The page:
When dinner is ready we eat. I like to eat. Jose likes to eat. We have so much fun eating. There is not much that I do, but Monday, Wednesdays, and Fridays I go to Jose’s parents’ house to post on the blog and work with the internet. Tuesdays and Thursdays are my Calvillo days. I go here to teach English for two hours each of these nights. I LOVE teaching English here. I get to choose how I want to teach and what material to teach because I don’t have a boss. It is so fun!

Days here are so chill and I get to choose how I spend each day. I am so grateful for the opportunity I have to have a life here in Mexico. I am loving every minute of it!

Well my conbi is on its way so I must sign off! Until Wednesday my friends!

How do YOU shower?


Showering. It’s an everyday occurrence. At least I feel like it should be. If you don’t do it there are some nasty smells around ya. There are many benefits. You get clean, it improves blood circulation, relaxes your muscles, treats depression, improves your lungs, and even boosts your immune system! People all over the world do it in one way or another. Here, it’s not so different than in the states. We have hot water, we have showers, tile, shower heads. We even have bath tubs! (This is a recent discovery of mine. I hadn’t seen any tubs here until I went to my sister in law’s house and BAM! there it was. She is so lucky.) In Pachuca, we always needed to turn the water heater on with a match at least a 1/2 hour before we wanted to shower, but here in San Tadeo, Aguascalientes, we have hot water from the street! So from about 11pm to 6pm you have hot water whenever you want it. And you don’t even have to light a match or use any gas or electricity. Jose and my house is about 2 miles away from his parents’ house and we are not as fortunate to have hot running water in our street, although we do still have water, don’t worry. We have a shower that has running water, but our beautiful house doesn’t have a boiler. (This is what heats up water.) My girl, Taneesa, guessed the other day that we heat up our water on the stove…she was SO close! Here are the step by step instructions of how to shower when you all come visit our home.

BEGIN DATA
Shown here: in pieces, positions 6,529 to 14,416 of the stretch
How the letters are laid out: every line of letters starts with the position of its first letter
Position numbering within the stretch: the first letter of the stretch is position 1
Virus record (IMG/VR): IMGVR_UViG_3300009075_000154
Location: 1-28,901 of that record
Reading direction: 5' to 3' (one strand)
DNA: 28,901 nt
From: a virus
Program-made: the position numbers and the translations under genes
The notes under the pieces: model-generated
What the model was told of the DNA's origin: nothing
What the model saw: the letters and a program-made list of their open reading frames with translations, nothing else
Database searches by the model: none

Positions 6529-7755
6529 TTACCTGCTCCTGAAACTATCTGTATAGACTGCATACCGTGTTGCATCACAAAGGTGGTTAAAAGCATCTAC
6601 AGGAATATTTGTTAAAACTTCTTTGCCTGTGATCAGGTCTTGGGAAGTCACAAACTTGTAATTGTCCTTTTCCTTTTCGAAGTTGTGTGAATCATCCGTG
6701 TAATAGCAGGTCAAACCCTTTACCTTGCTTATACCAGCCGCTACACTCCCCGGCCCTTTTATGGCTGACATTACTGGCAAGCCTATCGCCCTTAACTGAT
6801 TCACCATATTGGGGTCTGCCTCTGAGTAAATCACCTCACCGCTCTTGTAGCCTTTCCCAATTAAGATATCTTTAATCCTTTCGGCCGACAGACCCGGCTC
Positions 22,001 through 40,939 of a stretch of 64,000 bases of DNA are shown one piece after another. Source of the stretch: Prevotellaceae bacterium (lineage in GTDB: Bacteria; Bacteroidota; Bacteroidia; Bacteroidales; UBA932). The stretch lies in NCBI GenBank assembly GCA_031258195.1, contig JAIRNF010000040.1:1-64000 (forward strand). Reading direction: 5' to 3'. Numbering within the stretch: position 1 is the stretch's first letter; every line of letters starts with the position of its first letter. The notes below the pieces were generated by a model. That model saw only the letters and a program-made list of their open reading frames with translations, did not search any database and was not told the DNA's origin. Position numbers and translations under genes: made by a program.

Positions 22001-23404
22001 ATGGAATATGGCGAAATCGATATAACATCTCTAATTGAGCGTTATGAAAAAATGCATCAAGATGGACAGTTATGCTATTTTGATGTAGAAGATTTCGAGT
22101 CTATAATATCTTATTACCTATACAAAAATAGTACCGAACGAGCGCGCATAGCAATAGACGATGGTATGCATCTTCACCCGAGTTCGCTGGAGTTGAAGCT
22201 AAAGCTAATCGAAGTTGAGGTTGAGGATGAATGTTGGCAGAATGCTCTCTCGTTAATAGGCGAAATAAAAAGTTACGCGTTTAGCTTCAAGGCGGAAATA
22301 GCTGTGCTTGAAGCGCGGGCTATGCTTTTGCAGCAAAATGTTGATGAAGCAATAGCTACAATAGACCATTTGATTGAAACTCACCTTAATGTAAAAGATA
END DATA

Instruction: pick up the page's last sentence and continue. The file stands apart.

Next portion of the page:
1. Round up a 5 gallon bucket such as the gorgeous one shown below.

5 gallon bucket

2. Fill the bucket with the desired amount for your shower. Our water-spout is on the other side of our house, so I like to fill the water it up to the 1st ring so it’s not so heavy for me.

3. Once you make the trek from the spout to the bathroom, plug-in the portable water heater and stick it in the water, bulb first.

water heater

This is what we like to call a “Miracle” in our house.

4. Let it sit and cook for about 1/2 hour. I usually do this while I’m making breakfast for my husband. Jose. He’s Mexican, by the way.

5. After the water is heated all the way to the bottom of the bucket, rest the bucket on the edge of the shower. You’ll want to have another bucket filled with colder water on hand so you can mix the two and not scald your body.


6. Shown above is the small bowl that is used to pour the water over yourself as you shower. This picture is not pretty, but this bowl looks so much like ours, except ours is black.

           And there you have it! The process of showering in the blue house! So whenever you want to visit know that you also can be clean. We may not have an extra bed right now, but we do have a shower!!